• Getting your head around treatments, clinics and statistics with Juliet Tizzard, Director of Strategy and Corporate Affairs at the HFEA
  • .Men Matter Too with fertility Counsellor Anthony Ryb.
  • Fertility treatment on the NHS? with Anil Gudi and Amit Shah, Consultant Gynaecologists who run the NHS fertility service at the Homerton Fertility Centre in East London.
  • Nutrition to help with PCOS, endometriosis and fibroids with Dr Marilyn Glenville.
  • How to deal with the diagnosis of unexplained infertility with Dr Jane Stewart, Consultant in Reproductive Medicine at the Newcastle Fertility Centre.
  • How to keep costs down – do you really need those add-ons? with Yacoub Khalaf, Medical Director of the Assisted Conception Unit at Guy’s and St Thomas’ NHS.
  • Overseas egg donors. Who are they and how are they chosen? with Dr Israel Ortega of IVI Madrid in Spain and Nancy Block of Fertility Source Companies in the US explain.

As you can see, there is something here for everyone and having access to so many experts under one roof presents a unique opportunity to learn more about fertility and the treatments which may help. You can buy tickets from the website www.fertilityshow.co.uk

Have you booked your tickets for the Fertility Show?

the-fertility-show-london-logoThis year’s Fertility Show will take place at London’s Olympia on November 5 and 6. If you haven’t been before, it is certainly worth considering a visit as you will find many of the country’s leading experts under one roof offering a wide range of talks on every aspect of fertility over the two day show. There are also more than 100 exhibitors from clinics around the world as well as advice groups, charities, acupuncturists, diet, nutritional & lifestyle advisors and many others.

You will find something for you in the seminar programme and speakers include Professor Adam Balen, Professor Allan Pacey, Yacoub Khalaf, Professor Geeta Nargund, Zita West, Marilyn Glenville, Emma CannonJessica Hepburn and many more.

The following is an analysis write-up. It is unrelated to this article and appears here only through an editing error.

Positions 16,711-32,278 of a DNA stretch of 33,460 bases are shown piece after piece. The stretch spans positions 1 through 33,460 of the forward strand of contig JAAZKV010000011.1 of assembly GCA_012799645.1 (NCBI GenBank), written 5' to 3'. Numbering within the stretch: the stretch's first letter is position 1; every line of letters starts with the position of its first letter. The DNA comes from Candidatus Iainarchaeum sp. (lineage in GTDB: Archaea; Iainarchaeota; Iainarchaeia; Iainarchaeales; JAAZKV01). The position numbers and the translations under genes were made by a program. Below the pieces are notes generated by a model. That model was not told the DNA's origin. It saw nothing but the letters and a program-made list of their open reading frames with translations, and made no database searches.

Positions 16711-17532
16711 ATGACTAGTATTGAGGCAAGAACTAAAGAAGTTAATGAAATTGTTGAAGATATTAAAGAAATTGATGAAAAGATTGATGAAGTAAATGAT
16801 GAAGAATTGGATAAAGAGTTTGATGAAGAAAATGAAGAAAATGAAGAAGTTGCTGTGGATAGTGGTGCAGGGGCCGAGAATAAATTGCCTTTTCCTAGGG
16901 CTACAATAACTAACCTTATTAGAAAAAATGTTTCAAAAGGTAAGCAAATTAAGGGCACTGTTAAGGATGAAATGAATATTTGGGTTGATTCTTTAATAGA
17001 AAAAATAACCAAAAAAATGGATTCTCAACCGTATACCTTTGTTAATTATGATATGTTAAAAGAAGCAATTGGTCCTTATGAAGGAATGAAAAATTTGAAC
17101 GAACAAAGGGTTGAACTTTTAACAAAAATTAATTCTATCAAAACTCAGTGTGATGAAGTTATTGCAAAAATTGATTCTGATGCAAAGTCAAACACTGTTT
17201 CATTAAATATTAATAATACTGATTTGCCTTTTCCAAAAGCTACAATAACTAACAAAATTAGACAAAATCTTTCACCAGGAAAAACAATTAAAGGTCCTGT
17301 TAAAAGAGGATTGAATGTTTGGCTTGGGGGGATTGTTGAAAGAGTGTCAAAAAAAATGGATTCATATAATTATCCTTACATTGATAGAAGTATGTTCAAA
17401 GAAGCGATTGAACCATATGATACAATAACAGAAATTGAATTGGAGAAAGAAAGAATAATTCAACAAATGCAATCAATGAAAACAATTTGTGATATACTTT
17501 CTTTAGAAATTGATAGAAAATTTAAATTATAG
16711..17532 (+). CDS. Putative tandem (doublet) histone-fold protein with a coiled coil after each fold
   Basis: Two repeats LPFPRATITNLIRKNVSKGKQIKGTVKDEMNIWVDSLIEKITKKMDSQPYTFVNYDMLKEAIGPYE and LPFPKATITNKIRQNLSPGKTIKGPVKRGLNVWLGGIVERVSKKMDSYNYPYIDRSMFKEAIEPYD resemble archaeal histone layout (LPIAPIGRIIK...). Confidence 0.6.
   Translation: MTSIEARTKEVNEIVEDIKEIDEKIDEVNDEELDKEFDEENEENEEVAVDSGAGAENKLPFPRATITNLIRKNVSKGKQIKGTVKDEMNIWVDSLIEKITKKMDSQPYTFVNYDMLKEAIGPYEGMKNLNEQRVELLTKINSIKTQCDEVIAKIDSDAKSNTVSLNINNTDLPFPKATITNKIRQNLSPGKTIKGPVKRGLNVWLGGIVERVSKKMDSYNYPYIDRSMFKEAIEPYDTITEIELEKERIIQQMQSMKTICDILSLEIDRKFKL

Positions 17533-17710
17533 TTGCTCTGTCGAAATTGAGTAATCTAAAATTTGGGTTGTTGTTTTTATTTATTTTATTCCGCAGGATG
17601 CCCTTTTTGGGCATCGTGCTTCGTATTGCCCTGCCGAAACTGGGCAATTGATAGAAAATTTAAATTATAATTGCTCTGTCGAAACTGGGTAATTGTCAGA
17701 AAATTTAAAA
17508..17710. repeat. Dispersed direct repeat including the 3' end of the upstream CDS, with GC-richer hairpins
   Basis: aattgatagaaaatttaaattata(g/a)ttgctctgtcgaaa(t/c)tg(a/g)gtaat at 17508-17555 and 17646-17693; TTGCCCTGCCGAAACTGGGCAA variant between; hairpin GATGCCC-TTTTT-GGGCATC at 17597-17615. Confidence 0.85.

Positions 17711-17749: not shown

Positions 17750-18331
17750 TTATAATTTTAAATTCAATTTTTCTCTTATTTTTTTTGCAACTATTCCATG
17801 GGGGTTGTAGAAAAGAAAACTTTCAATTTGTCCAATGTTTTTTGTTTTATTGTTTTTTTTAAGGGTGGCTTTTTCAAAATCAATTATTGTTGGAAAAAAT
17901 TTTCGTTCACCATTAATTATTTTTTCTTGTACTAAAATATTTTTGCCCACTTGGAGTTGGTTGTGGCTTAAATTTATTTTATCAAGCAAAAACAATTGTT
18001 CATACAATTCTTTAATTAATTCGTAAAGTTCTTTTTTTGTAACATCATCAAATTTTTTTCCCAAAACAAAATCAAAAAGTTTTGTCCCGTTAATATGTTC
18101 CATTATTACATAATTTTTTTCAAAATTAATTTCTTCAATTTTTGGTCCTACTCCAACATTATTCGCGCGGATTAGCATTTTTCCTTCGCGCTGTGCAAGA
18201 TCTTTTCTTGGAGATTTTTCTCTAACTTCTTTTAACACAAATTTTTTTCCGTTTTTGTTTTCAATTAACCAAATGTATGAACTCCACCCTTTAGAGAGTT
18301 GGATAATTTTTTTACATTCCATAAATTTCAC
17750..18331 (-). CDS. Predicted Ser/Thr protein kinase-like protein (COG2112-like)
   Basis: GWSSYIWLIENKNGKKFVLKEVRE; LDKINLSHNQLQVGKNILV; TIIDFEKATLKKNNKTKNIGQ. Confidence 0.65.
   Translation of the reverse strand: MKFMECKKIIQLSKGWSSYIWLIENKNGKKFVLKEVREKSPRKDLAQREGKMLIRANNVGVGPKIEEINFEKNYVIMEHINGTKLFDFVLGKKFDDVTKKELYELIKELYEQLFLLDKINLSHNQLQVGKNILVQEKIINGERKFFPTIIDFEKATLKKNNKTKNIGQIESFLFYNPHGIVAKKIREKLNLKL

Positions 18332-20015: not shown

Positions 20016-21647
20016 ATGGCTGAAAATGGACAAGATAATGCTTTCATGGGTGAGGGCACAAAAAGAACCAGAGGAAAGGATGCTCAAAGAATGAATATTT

Tickets are on sale now, and there will be another Fertility Show in Manchester in March if you can’t make this one – details can be found at www.fertilityshow.co.uk

Can you help advise researchers?

Can you help? University of Cambridge researchers are looking for a few people to advise them on the best ways to attract people to share their fertility journey stories. They will be bringing a stand to the Fertility Show in November and have a few ideas that they are looking for feedback on. Do you have 15 minutes to spare over the next week (daytime or evening) for a Skype call with someone from their design team? If so please email amanda@the-liminal-space.com

New name and logo for fertility charity

Cmhc-LqWYAAWk88Infertility Network UK, the country’s support charity for anyone affected by fertility problems, is set for a change of name and logo! From mid-August, the charity will be Fertility Network rather than Infertility Network.

It’s a welcome change – the term “infertility” is no longer so widely used and in fact the majority of those experiencing difficulties getting pregnant are sub-fertile rather than truly infertile. The new name also reflects some of the wider interests of the charity, around campaigning for better fertility education for young people for example.  Here’s a preview of the new logo and colour scheme!  A new website will follow and will be launched in the Autumn at the Fertility Show.